Fig. 5

Geological cross sections around the stronghold. a) fragment of the profile A-A`, b) fragment of the profile B-B`, c) profile C-C`, d) profile D-D`.

Fig. 6

Calibration of radiocarbon data set in graphical form.

Materials undergoing analysis also included archive archaeological data of the excavation expedition in Grzybowo from the years 1989–2004 (Archive data of the excavations in Grzybowo in 1989–2004, Petri 1998, Tuszyński 2002). The crucial for presented geological results is archival archaeological documentation of excavation No. 47 (Petri, Bakiewicz 2002) (marked in Fig. 1, 7). Its cross-section probably shows an outline of a

Fig. 7

Profile of archaeological section 47 according to Petri and Bakiewicz (2002, simplified), with a visible outline of a river bed filled with dark-brown sediments.

1 – clay with humic admixtures, 2 – sandy clay, 3 – sand with artefacts, 4 – sand with humus, 5 – dark brown sand, 6 – humic sand (described by archaeologist as an arable layer).

buried river channel: the cross-section through the channel of a meandering river (banks with different inclinations in accordance with the cross-section of a typical meandering river) with a visible internal and external bank of the river. The cross-section corresponds with the morphology of the river in its bend (the accumulation and erosion slope, however the size is surprisingly small) (Fig. 7). However, lithology is very simplified. The alluvial deposits of the meandering river and any sedimentary structures are not marked on the figure of Petri and Bakiewicz (2002) (Fig. 7).

Interpretation of results and discussion

The macroscopic and laboratory analysis of the obtained Quaternary deposits permitted their qualification to three groups:

limnoglacial sediments represented by dammed lake clays, silty clays, and sandy clays;

swamp and lacustrine organic deposits – peats, gyttjas, and organic muds;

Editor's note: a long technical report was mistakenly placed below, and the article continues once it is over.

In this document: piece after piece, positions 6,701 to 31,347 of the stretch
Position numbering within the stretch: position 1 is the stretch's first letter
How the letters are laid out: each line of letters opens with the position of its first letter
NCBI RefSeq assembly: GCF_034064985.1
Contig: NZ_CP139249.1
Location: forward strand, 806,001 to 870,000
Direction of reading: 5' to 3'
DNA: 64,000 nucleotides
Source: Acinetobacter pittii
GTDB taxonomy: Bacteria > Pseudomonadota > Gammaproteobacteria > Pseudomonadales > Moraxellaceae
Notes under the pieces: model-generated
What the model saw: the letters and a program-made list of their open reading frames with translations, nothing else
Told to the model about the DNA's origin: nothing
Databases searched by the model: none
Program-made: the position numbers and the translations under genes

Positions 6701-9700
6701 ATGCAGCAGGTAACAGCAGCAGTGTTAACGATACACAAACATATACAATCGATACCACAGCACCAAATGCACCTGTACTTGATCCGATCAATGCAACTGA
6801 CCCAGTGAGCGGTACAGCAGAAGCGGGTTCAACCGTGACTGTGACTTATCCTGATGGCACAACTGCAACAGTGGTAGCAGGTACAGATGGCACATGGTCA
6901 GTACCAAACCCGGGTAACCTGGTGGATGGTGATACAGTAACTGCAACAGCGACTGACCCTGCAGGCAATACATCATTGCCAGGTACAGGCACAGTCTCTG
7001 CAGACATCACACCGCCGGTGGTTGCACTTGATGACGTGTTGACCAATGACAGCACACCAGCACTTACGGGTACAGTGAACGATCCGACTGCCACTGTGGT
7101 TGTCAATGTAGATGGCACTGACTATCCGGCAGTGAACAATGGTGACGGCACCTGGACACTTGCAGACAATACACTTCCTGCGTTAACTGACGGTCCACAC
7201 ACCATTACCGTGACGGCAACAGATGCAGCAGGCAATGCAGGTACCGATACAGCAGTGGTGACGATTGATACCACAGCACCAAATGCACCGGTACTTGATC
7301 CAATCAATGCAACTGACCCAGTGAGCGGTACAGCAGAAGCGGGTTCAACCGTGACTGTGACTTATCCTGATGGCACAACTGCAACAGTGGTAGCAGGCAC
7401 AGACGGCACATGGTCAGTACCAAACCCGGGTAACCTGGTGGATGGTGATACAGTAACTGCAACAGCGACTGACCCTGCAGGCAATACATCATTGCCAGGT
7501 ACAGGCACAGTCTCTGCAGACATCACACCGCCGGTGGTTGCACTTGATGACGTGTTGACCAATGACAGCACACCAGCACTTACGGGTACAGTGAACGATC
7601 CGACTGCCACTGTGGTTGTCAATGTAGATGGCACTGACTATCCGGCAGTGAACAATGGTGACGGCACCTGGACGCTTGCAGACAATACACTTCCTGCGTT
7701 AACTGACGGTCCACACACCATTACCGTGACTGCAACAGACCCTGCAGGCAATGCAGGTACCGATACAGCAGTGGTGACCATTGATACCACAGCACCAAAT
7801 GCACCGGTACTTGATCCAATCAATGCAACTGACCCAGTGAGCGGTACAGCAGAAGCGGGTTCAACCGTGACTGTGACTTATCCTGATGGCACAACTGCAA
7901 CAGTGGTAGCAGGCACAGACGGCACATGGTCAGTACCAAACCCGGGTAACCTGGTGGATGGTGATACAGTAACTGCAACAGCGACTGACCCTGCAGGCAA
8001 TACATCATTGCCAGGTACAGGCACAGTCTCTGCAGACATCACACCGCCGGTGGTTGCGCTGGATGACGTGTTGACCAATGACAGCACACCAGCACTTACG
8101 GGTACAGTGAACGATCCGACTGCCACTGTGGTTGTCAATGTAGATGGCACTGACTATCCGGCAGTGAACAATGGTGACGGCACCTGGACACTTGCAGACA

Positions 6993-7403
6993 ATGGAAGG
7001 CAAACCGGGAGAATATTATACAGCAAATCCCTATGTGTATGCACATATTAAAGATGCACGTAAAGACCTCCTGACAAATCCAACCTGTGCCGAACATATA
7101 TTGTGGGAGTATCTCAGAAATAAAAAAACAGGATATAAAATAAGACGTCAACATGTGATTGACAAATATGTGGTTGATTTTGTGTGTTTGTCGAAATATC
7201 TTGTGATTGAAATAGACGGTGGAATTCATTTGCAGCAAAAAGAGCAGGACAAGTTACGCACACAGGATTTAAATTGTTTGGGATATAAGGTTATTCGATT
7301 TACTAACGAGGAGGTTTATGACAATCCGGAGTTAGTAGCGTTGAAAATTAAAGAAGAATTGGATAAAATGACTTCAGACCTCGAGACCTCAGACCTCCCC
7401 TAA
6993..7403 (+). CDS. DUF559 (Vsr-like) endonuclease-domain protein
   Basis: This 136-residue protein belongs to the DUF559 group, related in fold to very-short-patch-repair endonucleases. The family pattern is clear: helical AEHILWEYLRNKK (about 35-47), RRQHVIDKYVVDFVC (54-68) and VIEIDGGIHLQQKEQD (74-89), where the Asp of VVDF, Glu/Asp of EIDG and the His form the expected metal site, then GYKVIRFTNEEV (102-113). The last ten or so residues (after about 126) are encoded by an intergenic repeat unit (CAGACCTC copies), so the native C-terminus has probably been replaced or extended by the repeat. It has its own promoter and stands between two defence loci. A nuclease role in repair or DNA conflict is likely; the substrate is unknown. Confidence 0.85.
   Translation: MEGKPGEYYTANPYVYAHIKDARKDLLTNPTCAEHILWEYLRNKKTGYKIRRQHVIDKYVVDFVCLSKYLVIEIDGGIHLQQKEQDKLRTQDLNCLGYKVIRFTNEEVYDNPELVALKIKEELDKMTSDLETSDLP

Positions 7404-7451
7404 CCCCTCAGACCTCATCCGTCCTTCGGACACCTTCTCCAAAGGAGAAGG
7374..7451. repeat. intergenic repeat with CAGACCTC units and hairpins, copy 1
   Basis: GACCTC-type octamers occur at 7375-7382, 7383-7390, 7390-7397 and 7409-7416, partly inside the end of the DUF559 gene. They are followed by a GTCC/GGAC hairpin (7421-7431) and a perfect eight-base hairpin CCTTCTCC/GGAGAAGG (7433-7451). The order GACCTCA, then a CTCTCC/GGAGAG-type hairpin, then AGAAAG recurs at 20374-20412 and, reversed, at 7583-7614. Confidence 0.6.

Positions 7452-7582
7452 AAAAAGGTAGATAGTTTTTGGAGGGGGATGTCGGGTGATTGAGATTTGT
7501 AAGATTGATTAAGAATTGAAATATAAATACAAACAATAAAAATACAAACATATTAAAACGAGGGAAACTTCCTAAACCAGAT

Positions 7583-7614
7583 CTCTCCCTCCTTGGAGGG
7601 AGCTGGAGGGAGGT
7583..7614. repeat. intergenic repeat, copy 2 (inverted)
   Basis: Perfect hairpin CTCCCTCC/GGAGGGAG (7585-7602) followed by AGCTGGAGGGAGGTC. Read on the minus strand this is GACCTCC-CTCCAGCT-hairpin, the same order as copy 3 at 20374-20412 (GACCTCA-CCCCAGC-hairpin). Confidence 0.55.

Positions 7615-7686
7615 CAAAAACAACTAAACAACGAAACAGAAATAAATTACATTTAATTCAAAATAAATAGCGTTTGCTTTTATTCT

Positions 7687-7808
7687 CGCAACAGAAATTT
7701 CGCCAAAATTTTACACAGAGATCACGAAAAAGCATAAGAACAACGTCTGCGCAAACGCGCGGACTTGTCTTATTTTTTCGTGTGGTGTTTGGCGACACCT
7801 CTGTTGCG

fluvial sediments – various-grained sands and gravels.

During the sieve and aerometric analysis of 144 samples, ten different types of sediments were separated (Table 1).

Results of the sieve and aerometric analysis for 144 samples from boreholes Nos. 1 to 40.

SedimentsNumber of the samples
1Fine-grained sand62 samples
2Medium-grained sand25 samples
3Coarse-grained sand2 samples
4Clayey sand5 samples
5Sandy clay14 samples
6Compact clay5 samples
7Clay3 samples
8Sandy silt3 samples
9Gravel mix14 samples
10Clayey gravel11 samples

In the Struga River palaeochannel, limnic and/ or peatland deposits were encountered only in one out of 11 boreholes of profile A-A’. Borehole No. 4 revealed organic deposits in the form of peat. The remaining boreholes within profile A-A’ (Westside of the stronghold) showed similar and simple lithology (Fig. 5 a). Fine sands and sandy gravels are predominant in these boreholes. In borehole No. 4, the former channel of the Struga River was most probably recorded, separated from the main stream of the river as a palaeomeander. However, it can be discussed that so old river channel of meandering river cut almost from the present-day surface. It could be interpreted as a layer of organic deposits and sandy silts with organic admixtures covered with fluvial or glacifluvial sands. The entire sequence of organic sediments in borehole No. 4 begins at a depth of 110 cm below ground level. Its bottom was not reached by the core, ending at a depth of 350 cm below ground level. The top layer is composed of fine-grained sand with an

organic substance. It was deposited on sandy silt, also with organic matter admixtures. Peat occurring at a depth of 300–330 cm was not strongly compact, with a moderate degree of decomposition. A sharp boundary between peat and the overlying sediment suggests relatively fast drying and therefore overgrowing of the separated presumed palaeomeander by other sediments. The result of the LOI analysis proved the highest among all the analysed deposits in the profile (Table 2). The peat was deposited on a layer of sediment described as gyttja, recorded in the core reaching a depth of 350 cm.